BISHKEK (Reuters) - Ethnic violence broke out on the outskirts of the Kyrgyz capital on Monday, leaving five people dead and challenging the interim government’s efforts to restore order after an uprising overthrew the president.
The interim government has promised fresh elections and reforms but has struggled to exert control over the Central Asian state after a revolt on April 7 ousted President Kurmanbek Bakiyev and disrupted U.S. military flights to Afghanistan.
It sent troops and armoured vehicles to stem the violence near Bishkek, in which witnesses said ethnic Kyrgyz looted ethnic Russian and Meskhetian Turkish homes in Mayevka village. In Jalalabad, a southern city in Bakiyev’s tribal heartland, loyalists of the ousted president installed a pro-Bakiyev governor after seizing a regional government office, widening a stand-off with the self-proclaimed government in Bishkek.
“We will restore Bakiyev’s rule,” the pro-Bakiyev governor, Faizulla Rakhmanov, told Reuters. “Bakiyev... will come back.”
Led by ex-foreign minister Roza Otunbayeva, the interim government has played down the unrest, blaming it on thugs trying to exploit the unrest to grab property illegally.
“We will not allow anyone to disturb peace and multi-ethnic accord in the country,” it said in a statement. “The authorities will take tough measures to prevent all unlawful actions.”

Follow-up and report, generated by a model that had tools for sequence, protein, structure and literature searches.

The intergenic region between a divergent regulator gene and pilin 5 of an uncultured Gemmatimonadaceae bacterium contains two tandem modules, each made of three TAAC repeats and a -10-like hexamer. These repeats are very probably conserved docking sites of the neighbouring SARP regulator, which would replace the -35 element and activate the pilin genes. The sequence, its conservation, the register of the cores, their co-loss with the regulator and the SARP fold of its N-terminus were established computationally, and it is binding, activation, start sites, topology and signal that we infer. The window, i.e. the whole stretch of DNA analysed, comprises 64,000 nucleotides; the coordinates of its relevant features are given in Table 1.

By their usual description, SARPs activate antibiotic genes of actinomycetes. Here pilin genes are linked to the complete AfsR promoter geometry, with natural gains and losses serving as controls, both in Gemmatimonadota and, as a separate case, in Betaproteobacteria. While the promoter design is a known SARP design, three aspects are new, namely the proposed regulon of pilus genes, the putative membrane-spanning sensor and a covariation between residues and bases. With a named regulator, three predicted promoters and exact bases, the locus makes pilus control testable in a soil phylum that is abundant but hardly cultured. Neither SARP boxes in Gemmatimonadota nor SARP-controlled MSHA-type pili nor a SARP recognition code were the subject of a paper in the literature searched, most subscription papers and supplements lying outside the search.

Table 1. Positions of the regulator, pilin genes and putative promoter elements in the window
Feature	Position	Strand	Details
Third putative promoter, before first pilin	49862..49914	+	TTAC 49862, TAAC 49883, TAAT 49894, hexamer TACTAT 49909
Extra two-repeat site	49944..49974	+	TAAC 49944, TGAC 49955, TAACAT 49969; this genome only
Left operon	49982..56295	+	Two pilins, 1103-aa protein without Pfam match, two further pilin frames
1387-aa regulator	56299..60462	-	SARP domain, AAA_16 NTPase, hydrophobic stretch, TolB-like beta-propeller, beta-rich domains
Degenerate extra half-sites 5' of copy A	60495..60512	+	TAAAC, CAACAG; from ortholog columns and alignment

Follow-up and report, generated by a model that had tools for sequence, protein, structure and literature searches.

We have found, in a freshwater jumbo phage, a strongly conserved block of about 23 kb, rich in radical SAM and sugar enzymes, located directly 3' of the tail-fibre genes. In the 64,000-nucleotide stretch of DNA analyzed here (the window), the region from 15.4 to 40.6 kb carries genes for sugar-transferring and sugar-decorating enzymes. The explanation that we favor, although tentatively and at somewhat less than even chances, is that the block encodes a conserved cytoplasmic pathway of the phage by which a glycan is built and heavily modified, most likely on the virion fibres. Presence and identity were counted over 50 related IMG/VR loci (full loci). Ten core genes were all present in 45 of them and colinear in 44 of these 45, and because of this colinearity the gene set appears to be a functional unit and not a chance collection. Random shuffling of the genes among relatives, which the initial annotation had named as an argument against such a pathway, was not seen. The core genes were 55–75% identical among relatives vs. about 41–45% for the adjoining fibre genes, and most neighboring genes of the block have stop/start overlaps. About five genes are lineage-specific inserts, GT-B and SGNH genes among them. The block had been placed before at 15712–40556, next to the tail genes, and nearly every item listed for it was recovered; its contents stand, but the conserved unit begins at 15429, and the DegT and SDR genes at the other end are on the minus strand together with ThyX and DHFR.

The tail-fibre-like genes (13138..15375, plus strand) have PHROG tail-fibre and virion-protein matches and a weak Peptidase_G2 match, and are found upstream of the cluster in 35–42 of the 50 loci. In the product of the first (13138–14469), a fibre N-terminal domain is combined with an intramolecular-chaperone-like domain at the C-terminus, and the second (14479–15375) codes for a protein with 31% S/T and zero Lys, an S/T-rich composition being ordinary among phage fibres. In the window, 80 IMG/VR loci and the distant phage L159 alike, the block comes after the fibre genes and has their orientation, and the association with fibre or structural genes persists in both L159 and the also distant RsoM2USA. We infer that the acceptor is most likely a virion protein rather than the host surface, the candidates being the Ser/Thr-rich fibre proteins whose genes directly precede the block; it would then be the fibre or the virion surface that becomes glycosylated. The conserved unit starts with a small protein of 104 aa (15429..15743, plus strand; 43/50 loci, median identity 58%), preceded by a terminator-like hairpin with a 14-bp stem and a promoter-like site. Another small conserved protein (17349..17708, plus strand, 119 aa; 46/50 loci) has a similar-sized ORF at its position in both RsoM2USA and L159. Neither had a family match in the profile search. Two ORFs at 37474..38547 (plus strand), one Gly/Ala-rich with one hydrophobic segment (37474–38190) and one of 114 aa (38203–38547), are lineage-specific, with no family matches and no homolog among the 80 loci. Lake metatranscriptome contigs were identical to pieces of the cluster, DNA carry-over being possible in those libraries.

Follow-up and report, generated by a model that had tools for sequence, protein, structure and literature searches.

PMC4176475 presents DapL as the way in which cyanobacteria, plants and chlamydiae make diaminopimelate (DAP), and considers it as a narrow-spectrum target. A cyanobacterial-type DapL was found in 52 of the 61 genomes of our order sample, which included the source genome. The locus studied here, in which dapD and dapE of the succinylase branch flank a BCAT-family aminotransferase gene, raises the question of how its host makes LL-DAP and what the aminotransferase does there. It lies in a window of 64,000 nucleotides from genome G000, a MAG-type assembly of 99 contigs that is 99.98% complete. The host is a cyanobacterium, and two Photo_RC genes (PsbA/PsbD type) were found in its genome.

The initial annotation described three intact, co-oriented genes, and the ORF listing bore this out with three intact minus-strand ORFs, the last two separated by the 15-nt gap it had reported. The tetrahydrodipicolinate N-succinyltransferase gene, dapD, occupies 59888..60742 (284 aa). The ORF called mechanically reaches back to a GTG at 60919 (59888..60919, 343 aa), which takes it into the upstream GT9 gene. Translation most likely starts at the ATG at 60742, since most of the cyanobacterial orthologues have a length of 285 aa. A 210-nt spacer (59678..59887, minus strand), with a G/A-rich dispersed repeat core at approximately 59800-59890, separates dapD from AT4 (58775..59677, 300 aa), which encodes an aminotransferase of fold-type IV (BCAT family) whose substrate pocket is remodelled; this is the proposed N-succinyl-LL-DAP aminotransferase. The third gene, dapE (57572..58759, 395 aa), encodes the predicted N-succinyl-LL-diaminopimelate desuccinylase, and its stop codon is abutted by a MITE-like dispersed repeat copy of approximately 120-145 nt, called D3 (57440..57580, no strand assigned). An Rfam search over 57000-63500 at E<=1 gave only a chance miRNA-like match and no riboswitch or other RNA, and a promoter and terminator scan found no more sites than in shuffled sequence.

The health ministry said two people died in the clashes and 16 were injured. Edil Baisalov, an interim government official, told Reuters that five people had died.
The Interior Ministry said its forces had arrested a number of rioters in a swoop operation in the suburbs after nightfall. Sirens could be heard throughout Bishkek after police said they deployed additional forces in the capital.
Any further lawlessness or resistance from Bakiyev loyalists would be a matter of concern to the United States, which suspended some military flights from its Kyrgyz air base earlier in the crisis, citing security concerns.
The interim government has yet to be recognised globally but both Washington and Moscow have endorsed the new rulers and offered assistance in rebuilding Kyrgyzstan’s shattered economy.
Seeking to consolidate power, the new administration pledged fast reforms on Monday to restore democracy as well as free parliamentary and presidential elections in about six months.
The violence took people by surprise in a country where ethnic clashes are rare. Kyrgyz make up 70 percent and Russians about 8 percent of the country’s 5.3 million population. Uzbeks, as well as Turks and other minorities, comprise the rest.
The riots in Bishkek erupted after crowds of angry men tried to grab land belonging to residents of villages predominantly populated by ethnic Russians and Meskhetian Turks.
Witnesses said rioters set police cars, houses and one police station on fire. One local household owner said villagers were abandoning their homes and fleeing the area.
Gunfire erupted after nightfall as groups of men, armed with heavy sticks, tried to break into houses.
Bakiyev sought refuge in neighbouring Kazakhstan last week, but was on the move again on Monday. The Kazakh foreign ministry said he had left the country for an unknown destination.
Writing by Maria Golovnina and Matt Robinson; additional reporting by Olga Dzyubenko, editing by Lin Noueihed